LONDON — Prime Minister Theresa May has delayed so many decisions on Britain’s withdrawal from the European Union that critics accuse her of turning can-kicking into a political art form.
On Tuesday she did it again, this time with just 45 days to go before Britain plans to leave the bloc.
Undeterred by the looming deadline, Mrs. May pleaded with British lawmakers for more time, saying she is still in talks with officials in Brussels.
“We now all need to hold our nerve to get the changes this House requires and deliver Brexit on time,” Mrs. May said.
Her reasoning was discounted by critics because there seems little prospect of the European Union ever granting the changes she has said she needs to rescue her Brexit plan, which was rejected overwhelmingly by Parliament last month.
Nevertheless she asked lawmakers to hold off for another two weeks before they hold a crunch vote and, possibly, seize control of the Brexit process.
The signs are that Mrs. May will get her way, for now, as the more pro-European faction within her Conservative party still seems petrified of voting to stop the outcome they fear: a hugely disruptive departure without an agreement. That way, many have decided, lies political suicide.
But for months opposition parties have accused Mrs. May of running down the clock until Britain’s scheduled departure on March 29, in the hope that the fear of an economically-disastrous no-deal Brexit will induce lawmakers to back her unpalatable exit agreement at the eleventh hour.
“She is playing for time and playing with people’s jobs, our economic security and the future of our industry,” the Labour party leader, Jeremy Corbyn, told lawmakers, adding that Mrs. May hoped that lawmakers could be “blackmailed into supporting a deeply flawed deal.”
Yet, her tactics have piled pressure on pro-European lawmakers in her party, including several ministers who are reportedly so appalled at the potential economic and political dislocation of a “no deal” Brexit that they might resign to support a move to stop it.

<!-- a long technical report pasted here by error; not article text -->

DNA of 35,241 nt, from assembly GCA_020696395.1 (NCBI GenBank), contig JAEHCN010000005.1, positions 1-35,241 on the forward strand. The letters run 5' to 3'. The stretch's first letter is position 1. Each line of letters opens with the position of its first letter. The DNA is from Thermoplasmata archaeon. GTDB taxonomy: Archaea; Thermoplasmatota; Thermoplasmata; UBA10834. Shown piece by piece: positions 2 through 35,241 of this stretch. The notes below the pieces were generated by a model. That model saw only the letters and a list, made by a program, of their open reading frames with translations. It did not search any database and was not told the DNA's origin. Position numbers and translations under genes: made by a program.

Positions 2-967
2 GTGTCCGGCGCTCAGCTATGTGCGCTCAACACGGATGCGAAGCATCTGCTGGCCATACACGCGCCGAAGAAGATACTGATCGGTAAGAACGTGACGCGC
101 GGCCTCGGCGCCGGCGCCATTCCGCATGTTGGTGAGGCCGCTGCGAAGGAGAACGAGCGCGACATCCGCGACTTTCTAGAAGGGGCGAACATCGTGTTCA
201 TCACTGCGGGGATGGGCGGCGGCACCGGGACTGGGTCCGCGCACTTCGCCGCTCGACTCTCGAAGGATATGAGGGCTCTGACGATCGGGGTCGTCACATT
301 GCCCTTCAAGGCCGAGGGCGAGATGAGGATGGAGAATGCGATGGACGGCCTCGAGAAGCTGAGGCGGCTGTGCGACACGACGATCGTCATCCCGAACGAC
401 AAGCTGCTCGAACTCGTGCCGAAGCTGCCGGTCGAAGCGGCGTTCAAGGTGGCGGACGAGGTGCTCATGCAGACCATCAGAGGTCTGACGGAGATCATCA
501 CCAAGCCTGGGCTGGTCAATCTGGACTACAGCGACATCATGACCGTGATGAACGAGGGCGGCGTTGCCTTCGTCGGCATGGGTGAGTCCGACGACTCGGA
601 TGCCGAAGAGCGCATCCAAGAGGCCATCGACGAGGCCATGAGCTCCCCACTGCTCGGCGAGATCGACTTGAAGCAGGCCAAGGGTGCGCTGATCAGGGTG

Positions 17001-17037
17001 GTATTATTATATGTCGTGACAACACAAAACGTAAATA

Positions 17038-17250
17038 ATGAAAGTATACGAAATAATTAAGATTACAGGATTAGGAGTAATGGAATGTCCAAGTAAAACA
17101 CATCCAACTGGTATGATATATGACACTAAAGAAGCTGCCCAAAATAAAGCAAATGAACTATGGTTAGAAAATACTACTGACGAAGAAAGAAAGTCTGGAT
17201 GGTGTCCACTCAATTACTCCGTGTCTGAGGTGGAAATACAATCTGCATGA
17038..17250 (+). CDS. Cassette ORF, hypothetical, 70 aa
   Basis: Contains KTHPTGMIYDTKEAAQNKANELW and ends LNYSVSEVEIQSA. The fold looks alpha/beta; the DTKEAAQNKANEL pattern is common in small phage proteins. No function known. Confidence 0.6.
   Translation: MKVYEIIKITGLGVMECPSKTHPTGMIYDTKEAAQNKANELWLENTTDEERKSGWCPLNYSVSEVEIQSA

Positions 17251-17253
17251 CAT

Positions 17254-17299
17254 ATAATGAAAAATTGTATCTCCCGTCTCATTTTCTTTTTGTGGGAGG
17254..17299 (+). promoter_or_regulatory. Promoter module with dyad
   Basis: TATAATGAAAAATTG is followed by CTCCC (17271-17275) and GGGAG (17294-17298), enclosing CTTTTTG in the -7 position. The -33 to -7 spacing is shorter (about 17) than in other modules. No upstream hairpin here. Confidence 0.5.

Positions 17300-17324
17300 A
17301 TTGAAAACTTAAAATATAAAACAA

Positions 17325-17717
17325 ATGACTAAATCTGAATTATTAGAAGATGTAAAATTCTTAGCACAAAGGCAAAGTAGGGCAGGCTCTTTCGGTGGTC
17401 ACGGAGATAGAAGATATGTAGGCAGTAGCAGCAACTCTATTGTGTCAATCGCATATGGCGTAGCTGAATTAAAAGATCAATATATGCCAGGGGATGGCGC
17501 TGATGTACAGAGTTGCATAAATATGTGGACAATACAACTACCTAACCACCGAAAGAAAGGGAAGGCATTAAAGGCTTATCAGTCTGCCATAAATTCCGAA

Traditionally more conciliatory than hard-line Brexit supporters, the more pro-European faction now faces an acute dilemma. If they rebel they will stand accused of undermining Mrs. May in her confrontation with Brussels, and risk having pro-Brexit Conservatives turn against them.
But if they hold back for too much longer, they could leave it too late, and some are wondering whether Mrs. May could — ultimately — end up appeasing her right-wingers and stumbling into a no-deal Brexit.
“I suspect that there are enough government ministers who are sufficiently worried about the consequences that, at the end of February, they will put their foot down and threaten to walk,” said Tim Bale, professor of politics at Queen Mary, University of London.
“But it will have to be some pretty high profile people,” he added, noting that it was not in the DNA of the pro-Europeans to play hardball. “They are in some senses still seemingly happy to take a knife to a gunfight. They do have to start packing some heat instead of talking a good game.”
The signs are that Mrs. May will continue to string things out, if she is allowed to do so. On Tuesday, she hinted strongly that were she to win a vote for a revised version of her deal, she would cut legislative corners to rush it through Parliament.
That suggests she might plan to leave things very late indeed. Interviewed by the BBC, Andrea Leadsom, the leader of the House of Commons, refused to deny that a final vote on Mrs. May’s plan could be delayed until after a European Union summit on March 21-22. That would mean a vote just days before Brexit.
“It seems utterly preposterous that we get to a few days to go and no one knows what’s happening, but I do think in some ways that’s Theresa May’s ideal scenario because a lot of members of Parliament would then go for her deal,” Mr. Bale added.
Critics point out that the cost to the economy is already significant — some companies have moved operations to other countries — and can only increase. Mark Carney, the governor of the Bank of England, said on Tuesday that it was clear that Brexit uncertainty was prompting companies to hold back on making big decisions, and that much worse could be on the way.
“A no-deal would be an economic shock for this country,” he said in a speech in London.
That was mild compared to the chief executive of the Food and Drinks Federation, Ian Wright. “This is the biggest threat that our members and businesses have since 1939,” he told the BBC, adding that “many businesses are threatened with extinction.”
Though one of the objectives of Brexit is the ability to strike independent trade deals around the globe, it is still struggling to replicate the ones that it currently enjoys through its membership in the European Union.
A no-deal Brexit would threaten those trade concessions, and some exporters will soon have to begin shipping goods to Asia not knowing whether or not tariffs will be due when they arrive.
“With less than 50 days for the Brexit deadline, Britain has managed to secure the continuation of the E.U. trade preferences with merely six trading partners out of the 50-plus countries with which it already enjoys trade preferences through the European Union’s free trade agreements,” said Lourdes Catrain, a partner at the law firm Hogan Lovells, in Brussels.